WASHINGTON -- President Barack Obama says U.S. corporations that adopt foreign addresses to avoid taxes are unpatriotic. His own administration helped one $20 billion American company do just that.
As part of the bailout of the auto industry in 2009, Obama's Treasury Department authorized spending $1.7 billion of government funds to get a bankrupt Michigan parts-maker back on its feet -- as a British company.
While executives continue to run Delphi Automotive from a Detroit suburb, the paper headquarters in England potentially reduces the company's U.S. tax bill by as much as $110 million a year.
The Obama administration's role in aiding Delphi's escape from the U.S. tax system may complicate the president's new campaign against corporate expatriation.
After a wave of companies announced plans to shift addresses this year, Obama last month labeled the firms "corporate deserters."
The Delphi case also highlights how little attention the administration paid to the tax avoidance technique until recently. Only this year did Obama include a measure in his annual budget proposal to prevent some tax-driven address changes, which are known as "inversions."
Thanks to gaps in a Congressional ban on contracts with inverted companies, his administration continues to award more than $1 billion annually in government business to more than a dozen corporate expats.
The Obama administration is now trying to rescind the tax benefits of the Delphi deal that it helped broker.
In June, the Internal Revenue Service told Delphi that the 2009 address change should be disregarded for tax purposes, and that Delphi must pay taxes as a U.S. company.
Delphi says in a securities filing that it will "vigorously contest" the IRS's demand.
"The recent rise in inversion transactions has the IRS and Treasury and the president understandably rattled, so they're now trying to play catch up," said Julie Roin, a tax professor at University of Chicago Law School. "They were worried about other things in 2009."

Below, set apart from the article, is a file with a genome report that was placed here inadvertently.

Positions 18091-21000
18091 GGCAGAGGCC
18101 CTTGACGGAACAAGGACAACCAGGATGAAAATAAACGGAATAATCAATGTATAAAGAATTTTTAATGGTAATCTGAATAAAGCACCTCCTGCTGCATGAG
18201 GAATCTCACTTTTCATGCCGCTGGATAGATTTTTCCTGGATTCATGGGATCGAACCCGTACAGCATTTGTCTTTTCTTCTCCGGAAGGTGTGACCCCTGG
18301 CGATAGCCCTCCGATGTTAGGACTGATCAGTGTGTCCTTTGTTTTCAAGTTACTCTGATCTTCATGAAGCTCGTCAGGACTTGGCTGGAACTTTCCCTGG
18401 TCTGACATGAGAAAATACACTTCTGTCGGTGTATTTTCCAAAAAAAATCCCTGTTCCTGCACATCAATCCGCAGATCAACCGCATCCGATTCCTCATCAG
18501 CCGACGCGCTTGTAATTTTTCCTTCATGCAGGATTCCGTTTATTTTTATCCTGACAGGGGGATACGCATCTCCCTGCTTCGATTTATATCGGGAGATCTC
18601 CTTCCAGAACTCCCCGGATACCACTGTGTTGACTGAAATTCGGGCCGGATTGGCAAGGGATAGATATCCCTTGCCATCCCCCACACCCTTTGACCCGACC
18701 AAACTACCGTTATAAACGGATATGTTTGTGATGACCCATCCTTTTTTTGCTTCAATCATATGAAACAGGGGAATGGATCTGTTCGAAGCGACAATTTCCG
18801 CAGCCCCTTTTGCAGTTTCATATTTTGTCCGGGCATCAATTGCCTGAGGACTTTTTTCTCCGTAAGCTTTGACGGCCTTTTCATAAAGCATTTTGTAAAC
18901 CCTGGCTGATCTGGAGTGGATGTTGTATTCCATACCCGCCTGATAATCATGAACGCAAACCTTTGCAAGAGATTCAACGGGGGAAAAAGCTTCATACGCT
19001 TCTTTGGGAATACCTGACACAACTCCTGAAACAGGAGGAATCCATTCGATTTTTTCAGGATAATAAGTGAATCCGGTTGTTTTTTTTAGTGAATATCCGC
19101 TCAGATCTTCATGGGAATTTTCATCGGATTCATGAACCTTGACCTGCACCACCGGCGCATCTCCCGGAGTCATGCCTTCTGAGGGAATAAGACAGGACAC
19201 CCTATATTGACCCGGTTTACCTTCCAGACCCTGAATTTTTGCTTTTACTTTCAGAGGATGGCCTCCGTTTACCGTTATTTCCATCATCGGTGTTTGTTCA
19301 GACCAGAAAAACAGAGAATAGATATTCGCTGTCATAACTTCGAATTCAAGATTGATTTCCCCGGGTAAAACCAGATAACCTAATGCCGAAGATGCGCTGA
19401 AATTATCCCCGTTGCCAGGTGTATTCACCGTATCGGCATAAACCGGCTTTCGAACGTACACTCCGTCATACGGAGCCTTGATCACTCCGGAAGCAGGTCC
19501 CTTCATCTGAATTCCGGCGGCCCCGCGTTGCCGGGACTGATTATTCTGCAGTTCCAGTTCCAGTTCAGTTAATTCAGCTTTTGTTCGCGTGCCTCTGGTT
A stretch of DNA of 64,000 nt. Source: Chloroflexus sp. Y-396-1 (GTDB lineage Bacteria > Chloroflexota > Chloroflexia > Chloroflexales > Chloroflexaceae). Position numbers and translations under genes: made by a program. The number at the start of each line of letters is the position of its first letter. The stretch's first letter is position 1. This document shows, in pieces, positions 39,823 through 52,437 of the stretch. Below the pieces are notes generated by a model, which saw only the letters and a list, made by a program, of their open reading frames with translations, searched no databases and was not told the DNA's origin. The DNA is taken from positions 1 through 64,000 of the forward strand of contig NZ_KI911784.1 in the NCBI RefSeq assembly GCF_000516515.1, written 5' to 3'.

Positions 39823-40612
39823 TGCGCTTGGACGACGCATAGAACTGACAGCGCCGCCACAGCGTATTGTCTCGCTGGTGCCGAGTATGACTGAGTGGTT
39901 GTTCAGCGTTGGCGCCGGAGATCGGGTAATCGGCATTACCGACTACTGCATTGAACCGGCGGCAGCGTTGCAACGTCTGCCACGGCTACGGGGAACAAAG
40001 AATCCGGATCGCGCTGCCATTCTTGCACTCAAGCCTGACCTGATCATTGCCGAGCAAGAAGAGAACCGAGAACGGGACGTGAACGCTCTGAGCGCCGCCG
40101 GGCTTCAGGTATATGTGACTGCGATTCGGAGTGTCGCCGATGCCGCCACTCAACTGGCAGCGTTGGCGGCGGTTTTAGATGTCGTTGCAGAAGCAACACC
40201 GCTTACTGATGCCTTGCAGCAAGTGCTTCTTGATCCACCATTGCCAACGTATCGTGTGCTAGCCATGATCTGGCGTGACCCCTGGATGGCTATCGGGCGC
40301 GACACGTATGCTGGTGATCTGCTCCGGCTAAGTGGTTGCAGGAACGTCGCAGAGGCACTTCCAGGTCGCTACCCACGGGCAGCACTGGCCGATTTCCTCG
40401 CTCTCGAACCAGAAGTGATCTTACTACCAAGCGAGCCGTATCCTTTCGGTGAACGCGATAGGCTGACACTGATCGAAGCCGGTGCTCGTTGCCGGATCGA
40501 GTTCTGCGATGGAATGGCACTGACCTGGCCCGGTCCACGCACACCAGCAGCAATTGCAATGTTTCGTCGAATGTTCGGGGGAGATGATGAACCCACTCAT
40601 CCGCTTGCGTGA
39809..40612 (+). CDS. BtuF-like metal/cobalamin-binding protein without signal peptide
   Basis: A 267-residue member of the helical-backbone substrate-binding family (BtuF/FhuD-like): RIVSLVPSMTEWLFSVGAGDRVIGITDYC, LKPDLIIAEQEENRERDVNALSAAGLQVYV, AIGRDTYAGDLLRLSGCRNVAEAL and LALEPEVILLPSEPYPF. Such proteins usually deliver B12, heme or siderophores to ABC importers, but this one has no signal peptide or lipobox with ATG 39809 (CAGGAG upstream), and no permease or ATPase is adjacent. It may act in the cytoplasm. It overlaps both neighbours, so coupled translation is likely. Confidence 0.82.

U.S. companies have been inverting for decades. The pace of departures began to quicken about two years ago, as a series of drugmakers sought to become Irish. The issue caught the attention of lawmakers and the Obama administration this year.
The companies are trying to escape the country's 35 percent corporate income tax rate, the highest in the developed world. With some of the country's biggest companies, including Deerfield, Illinois-based Walgreen Co. and New York-based Pfizer Inc., having considered such plans, legislators are increasingly concerned that the U.S. corporate income tax base will dwindle.
One Congressional estimate puts the cost of inaction at $19.5 billion in forgone revenue over the next decade.
The Treasury Department said Wednesday that it is examining options for curbing inversions that wouldn't require Congress to act.
Such changes could limit inverted companies' ability to claim interest deductions that reduce their U.S. taxable income.
To be sure, the administration's goal in helping Delphi in 2009 was to prop up its main customer, General Motors -- not the corporate tax base. The Treasury Department said at the time that it wouldn't micro-manage GM or force changes for government policy reasons, although it did intervene in the politically sensitive area of executive pay.
Adam Hodge, a Treasury Department spokesman, said the department's work with Delphi was limited to providing funding through GM in order to shore up a crucial supplier for the automaker.